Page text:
There is one scene in The Campaign where Marty Huggins (Zach Galifianakis) warns his wife (Sarah Baker) and two boys (Kya Haywood, Grant Goodman) that he’ll be running for office and to expect media scrutiny. He asks the boys to tell him any secrets they may have, promising them he won’t be mad. The first confession is about using the lord’s name in vain, to which Marty fights to hold back whatever anger a man as upbeat as him could ever muster. From there though the boys and his wife let loose a flurry of disturbing revelations. This is the funniest part of the movie and the only scene that I can remember sustaining for longer than a one-liner. The only other memorable part was Mrs Yao (Karen Maruyama), an Asian housekeeper, being forced to speak in an old black southern accent to please her boss, Huggins’ father (Brian Cox). When I think about it though, it would have been funnier if she just had that accent.
The Campaign suffers from being too goofy and not cynical enough. I expected a series of missteps by US Representative Cam Brady (Will Ferrell), a veteran politician who is in actuality an empty suit, and from Huggins, a well-intentioned novice entering a field of ill-intentioned experts. Right off the bat though, as Brady’s campaign manager (Jason Sudeikis) tries to explain to him why his raunchy call to Christian family (headed by Jack McBrayer) is bad for his campaign, everything done by either of the candidates is enough to end their career. There’s no subtlety. In response to Huggins’ advances in the polls, Brady contracts a nasty campaign ad. This would have been a great opportunity to show an exaggerated look at the wrongs of modern American campaigns. But the ad doesn’t contain a sliver of credibility because by the time we get to it something somewhat subtle wouldn’t fit into the tone of the movie. By the time election day arrives the campaign has seen candidates brawling, a sex tape made into an ad, a DUI police chase, that raunchy phone call, a baby punched in the face, a dog punched in the face, and one candidate shooting the other.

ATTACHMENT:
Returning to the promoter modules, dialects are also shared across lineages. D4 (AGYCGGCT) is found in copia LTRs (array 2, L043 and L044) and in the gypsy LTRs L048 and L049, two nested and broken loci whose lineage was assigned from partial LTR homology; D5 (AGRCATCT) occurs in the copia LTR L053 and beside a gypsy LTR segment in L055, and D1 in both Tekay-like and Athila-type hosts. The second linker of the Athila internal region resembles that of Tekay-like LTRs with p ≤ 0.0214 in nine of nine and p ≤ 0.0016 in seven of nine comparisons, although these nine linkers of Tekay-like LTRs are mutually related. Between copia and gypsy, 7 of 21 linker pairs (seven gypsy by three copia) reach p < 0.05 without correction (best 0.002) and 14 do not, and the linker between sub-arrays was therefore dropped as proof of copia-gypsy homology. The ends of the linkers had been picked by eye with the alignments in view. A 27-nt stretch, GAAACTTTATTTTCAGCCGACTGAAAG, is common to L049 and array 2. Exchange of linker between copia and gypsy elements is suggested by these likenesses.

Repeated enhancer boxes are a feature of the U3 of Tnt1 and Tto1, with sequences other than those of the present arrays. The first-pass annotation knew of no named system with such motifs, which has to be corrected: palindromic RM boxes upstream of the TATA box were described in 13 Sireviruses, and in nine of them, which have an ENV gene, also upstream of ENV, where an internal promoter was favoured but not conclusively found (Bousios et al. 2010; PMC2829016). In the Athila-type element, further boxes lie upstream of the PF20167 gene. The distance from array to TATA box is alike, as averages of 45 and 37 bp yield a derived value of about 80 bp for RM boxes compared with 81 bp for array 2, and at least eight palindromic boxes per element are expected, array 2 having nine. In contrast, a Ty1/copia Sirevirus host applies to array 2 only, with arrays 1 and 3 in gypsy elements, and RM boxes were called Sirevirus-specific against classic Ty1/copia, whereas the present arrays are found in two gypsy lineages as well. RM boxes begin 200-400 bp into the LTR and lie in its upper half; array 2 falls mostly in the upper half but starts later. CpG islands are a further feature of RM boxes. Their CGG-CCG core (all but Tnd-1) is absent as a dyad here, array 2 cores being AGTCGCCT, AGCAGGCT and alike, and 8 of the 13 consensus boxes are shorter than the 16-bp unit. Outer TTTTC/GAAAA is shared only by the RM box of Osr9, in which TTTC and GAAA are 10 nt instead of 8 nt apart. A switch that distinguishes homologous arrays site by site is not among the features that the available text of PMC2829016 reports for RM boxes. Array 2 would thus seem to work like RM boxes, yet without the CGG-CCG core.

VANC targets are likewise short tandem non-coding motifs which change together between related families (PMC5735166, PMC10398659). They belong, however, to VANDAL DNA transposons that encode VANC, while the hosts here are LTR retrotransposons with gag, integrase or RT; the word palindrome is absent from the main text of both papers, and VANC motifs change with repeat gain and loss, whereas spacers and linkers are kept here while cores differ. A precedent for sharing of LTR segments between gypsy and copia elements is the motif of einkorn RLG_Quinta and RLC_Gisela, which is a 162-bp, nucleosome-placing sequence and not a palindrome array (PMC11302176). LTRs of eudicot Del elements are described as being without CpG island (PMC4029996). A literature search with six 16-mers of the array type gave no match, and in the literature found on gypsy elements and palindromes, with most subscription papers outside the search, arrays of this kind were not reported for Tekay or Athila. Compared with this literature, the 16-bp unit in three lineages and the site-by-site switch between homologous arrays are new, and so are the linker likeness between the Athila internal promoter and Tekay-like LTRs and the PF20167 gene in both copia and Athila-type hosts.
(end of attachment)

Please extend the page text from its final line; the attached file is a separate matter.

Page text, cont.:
There are some scenes that prove the filmmakers could have made a more clever statement about politics, which, whether you care about that or not, would have at least lead to a better, funnier movie. The civility brunch and the pre-debate handshake are times when the two candidates feign friendship but are trash talking each other under their breath. There are dodged questions in the debate replaced with bad talking points. Brady’s first scene shows him repeating boring messaging to groups as diverse as the troops and amusement ride operators. Ad hominem attacks abound. There are dumb, angry voters who focus too much on the personal image of the candidates.
Unfortunately Will Ferrell’s character goes straight to ten, as it seems he does in most every movie where he leads. It’s too bad, because Ferrell and Galifianakis are really perfect for their parts. Ferrell, even if he just ripped off his own Ron Burgundy from Anchor Man, plays a perfect pompous jerk. What could be better for a four term congressional representative? Galifianakis looks the part of a first timer, timid in the face of the bright lights.
In the end The Campaign does make a ham-fisted attempt at a point about money in politics. Brady and Huggins both rebel against a pair of political kingmakers subtly named the Motch brothers (John Lithgow, Dan Aykroyd). But the movie never attempted a serious statement about politics, opting for over the top antics instead, so it doesn’t work.